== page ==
World Economic Forum: Watch how today’s continents were formed over one billion years – in just 40 seconds

The plate tectonic theory says that Earth’s surface is made up of slabs of rock that are slowly shifting right under our feet. Because of this constant movement, today’s Earth looks a lot different from what it did millions of years ago. In 1912, German scientist Alfred Wegener proposed that Earth’s continents once formed a … Read more…

The Conversation: Travelling through deep time to find copper for a clean energy future

More than 100 countries, including the United States and members of the European Union, have committed to net-zero carbon emissions by 2050. The world is going to need a lot of metal, particularly copper. Recently, the International Energy Agency sounded the warning bell on the global supply of copper as the most widely used metal in renewable … Read more…

Kinematics and extent of the Piemont–Liguria Basin – implications for subduction processes in the Alps

Assessing the size of a former ocean of which only remnants are found in mountain belts is challenging but crucial to understanding subduction and exhumation processes. Here we present new constraints on the opening and width of the Piemont–Liguria (PL) Ocean, known as the Alpine Tethys together with the Valais Basin. We use a regional … Read more…

Predicting the emplacement of Cordilleran porphyry copper systems using a spatio-temporal machine learning model

Porphyry copper (Cu) systems occur along magmatic belts derived in subduction zones. Our current under- standing of their formation is restricted to observations from the overriding plate, resulting in a knowledge gap in terms of processes occurring in convergence zones through time. An association between key tectonic processes and the timing and location of porphyry … Read more…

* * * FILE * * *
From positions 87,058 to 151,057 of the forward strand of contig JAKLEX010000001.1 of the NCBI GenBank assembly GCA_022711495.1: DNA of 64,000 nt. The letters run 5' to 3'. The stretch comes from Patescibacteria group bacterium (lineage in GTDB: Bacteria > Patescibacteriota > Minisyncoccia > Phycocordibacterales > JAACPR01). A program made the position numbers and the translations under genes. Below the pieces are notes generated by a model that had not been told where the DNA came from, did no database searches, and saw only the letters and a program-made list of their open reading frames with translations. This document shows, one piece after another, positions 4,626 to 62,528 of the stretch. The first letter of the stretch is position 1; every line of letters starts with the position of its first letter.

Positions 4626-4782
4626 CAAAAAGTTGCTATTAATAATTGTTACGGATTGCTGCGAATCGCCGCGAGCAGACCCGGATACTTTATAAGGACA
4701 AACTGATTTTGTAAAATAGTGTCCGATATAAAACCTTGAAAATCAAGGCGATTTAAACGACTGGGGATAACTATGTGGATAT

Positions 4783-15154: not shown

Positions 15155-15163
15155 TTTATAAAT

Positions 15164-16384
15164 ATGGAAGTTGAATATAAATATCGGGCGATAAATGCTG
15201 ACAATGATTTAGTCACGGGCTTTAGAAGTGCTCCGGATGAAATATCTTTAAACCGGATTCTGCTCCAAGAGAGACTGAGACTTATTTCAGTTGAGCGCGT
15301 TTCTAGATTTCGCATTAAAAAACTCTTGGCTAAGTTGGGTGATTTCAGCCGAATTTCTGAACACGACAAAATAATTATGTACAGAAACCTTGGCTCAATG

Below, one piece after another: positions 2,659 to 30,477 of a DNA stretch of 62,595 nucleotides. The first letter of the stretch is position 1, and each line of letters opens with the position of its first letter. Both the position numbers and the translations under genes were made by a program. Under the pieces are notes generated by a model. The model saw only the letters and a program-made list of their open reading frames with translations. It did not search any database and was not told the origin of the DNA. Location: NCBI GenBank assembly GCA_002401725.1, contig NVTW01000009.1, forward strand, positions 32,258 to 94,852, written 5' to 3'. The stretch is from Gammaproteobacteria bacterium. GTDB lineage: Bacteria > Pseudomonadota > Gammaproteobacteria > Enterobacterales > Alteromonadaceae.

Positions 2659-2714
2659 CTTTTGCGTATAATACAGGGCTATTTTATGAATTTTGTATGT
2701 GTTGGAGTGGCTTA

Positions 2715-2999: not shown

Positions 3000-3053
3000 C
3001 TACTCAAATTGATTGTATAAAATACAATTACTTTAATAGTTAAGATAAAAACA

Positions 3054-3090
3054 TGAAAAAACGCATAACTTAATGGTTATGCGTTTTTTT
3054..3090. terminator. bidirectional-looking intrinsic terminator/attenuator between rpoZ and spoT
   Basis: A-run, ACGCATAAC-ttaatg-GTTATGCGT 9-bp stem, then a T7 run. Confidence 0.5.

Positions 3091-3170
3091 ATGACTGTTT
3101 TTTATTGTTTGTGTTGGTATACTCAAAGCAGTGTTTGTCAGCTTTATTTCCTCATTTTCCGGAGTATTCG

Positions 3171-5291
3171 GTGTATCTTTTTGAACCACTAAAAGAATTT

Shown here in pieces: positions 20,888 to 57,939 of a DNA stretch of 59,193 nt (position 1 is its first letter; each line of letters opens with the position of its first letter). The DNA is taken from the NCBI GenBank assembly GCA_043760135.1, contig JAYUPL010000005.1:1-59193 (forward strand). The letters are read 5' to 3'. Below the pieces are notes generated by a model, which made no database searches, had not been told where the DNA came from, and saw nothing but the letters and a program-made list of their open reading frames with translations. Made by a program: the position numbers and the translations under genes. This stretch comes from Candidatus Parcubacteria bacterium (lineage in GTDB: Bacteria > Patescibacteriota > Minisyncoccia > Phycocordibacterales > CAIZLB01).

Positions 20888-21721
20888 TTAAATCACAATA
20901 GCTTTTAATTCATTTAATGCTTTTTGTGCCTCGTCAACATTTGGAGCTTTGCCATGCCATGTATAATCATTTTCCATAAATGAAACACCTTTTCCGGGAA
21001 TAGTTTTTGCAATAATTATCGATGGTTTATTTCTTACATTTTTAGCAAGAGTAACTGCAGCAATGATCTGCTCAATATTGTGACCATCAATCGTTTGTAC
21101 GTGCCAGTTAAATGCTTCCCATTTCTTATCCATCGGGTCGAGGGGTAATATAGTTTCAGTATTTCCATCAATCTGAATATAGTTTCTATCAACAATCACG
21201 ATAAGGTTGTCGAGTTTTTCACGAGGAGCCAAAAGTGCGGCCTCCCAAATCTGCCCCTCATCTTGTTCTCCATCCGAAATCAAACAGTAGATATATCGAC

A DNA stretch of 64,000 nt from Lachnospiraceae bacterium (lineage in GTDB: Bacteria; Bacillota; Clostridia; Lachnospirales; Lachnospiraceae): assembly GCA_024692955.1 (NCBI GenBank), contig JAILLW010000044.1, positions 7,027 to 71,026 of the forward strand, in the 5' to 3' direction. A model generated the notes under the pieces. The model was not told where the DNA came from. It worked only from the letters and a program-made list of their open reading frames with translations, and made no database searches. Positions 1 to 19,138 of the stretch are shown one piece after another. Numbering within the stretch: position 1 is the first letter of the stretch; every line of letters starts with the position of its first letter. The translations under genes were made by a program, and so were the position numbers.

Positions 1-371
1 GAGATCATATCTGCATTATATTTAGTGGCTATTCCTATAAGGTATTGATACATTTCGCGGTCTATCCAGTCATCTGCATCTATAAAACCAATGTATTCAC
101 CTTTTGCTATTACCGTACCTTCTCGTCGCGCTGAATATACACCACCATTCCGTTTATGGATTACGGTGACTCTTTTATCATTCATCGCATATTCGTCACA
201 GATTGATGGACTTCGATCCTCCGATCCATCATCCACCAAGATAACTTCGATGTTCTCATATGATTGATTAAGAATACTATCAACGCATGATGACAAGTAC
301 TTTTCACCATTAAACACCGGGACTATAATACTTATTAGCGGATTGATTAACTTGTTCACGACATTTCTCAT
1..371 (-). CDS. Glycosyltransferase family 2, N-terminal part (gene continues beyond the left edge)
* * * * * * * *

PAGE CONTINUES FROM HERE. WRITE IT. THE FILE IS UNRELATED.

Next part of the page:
Potential encoding of coupling between Milankovitch forcing and Earth’s interior processes in the Phanerozoic eustatic sea-level record

The driving mechanisms of Earth’s climate system at a multi-Myr timescale have received considerable attention since the 1980’s as they are deemed to control large-amplitude climatic variations that result in severe biogeochemical disruptions, major sea-level variations, and the evolution of Earth’s land- and seascapes through geological time. The commonly accepted mechanism for these changes derives … Read more…

Research Associate/Research Fellow in Exploration

We are seeking to appoint an enthusiastic researcher at either a Level A or Level B to join the research team for the STELLAR project group (Spatio TEmporaL expLorAtion for Resources). STELLAR is a collaboration between BHP and the EarthByte Group at the University of Sydney aimed at implementing big and complex spatio-temporal data analysis … Read more…

Mantle plumes and their role in Earth processes

The existence of mantle plumes was first proposed in the 1970s to explain intra-plate, hotspot volcanism, yet owing to difficulties in resolving mantle upwellings with geophysical images and discrepancies in interpretations of geochemical and geochronological data, the origin, dynamics and composition of plumes and their links to plate tectonics are still contested. In a recently … Read more…

The carbonate compensation depth in the South Atlantic Ocean since the Late Cretaceous

Carbonate accumulation rates (CAR) in the South Atlantic through time, with the average CCD for the South Atlantic shown in black, which the CCD in the Walvis Ridge/Rio Grande Rise area is shown in magenta. Deep-sea carbonate deposition is a complex process that is encapsulated in the carbonate compensation depth (CCD)—a facies boundary separating calcareous … Read more…

Chatting about reconstructing 1 billion years of Earth evolution in Geology Bites podcast

In the latest Geology Bites podcast series, Dietmar Muller talks about the challenges and benefits of reconstructing Earth evolution over a billion years with Oliver Strimpel, former astrophysicist and museum director, and Visiting Professor at the Department of Earth Sciences at Oxford University. https://www.geologybites.com/

Modelling global precipitation since 250 million years ago

We have developed a novel data-driven approach to reconstruct precipitation patterns through geological time, since the supercontinent Pangea was in existence. Our approach involves linking climate-sensitive sedimentary deposits such as coal, evaporites and glacial deposits to a global plate model, reconstructed paleo-elevation maps and high-resolution General Circulation Models via Bayesian machine learning. We model the … Read more…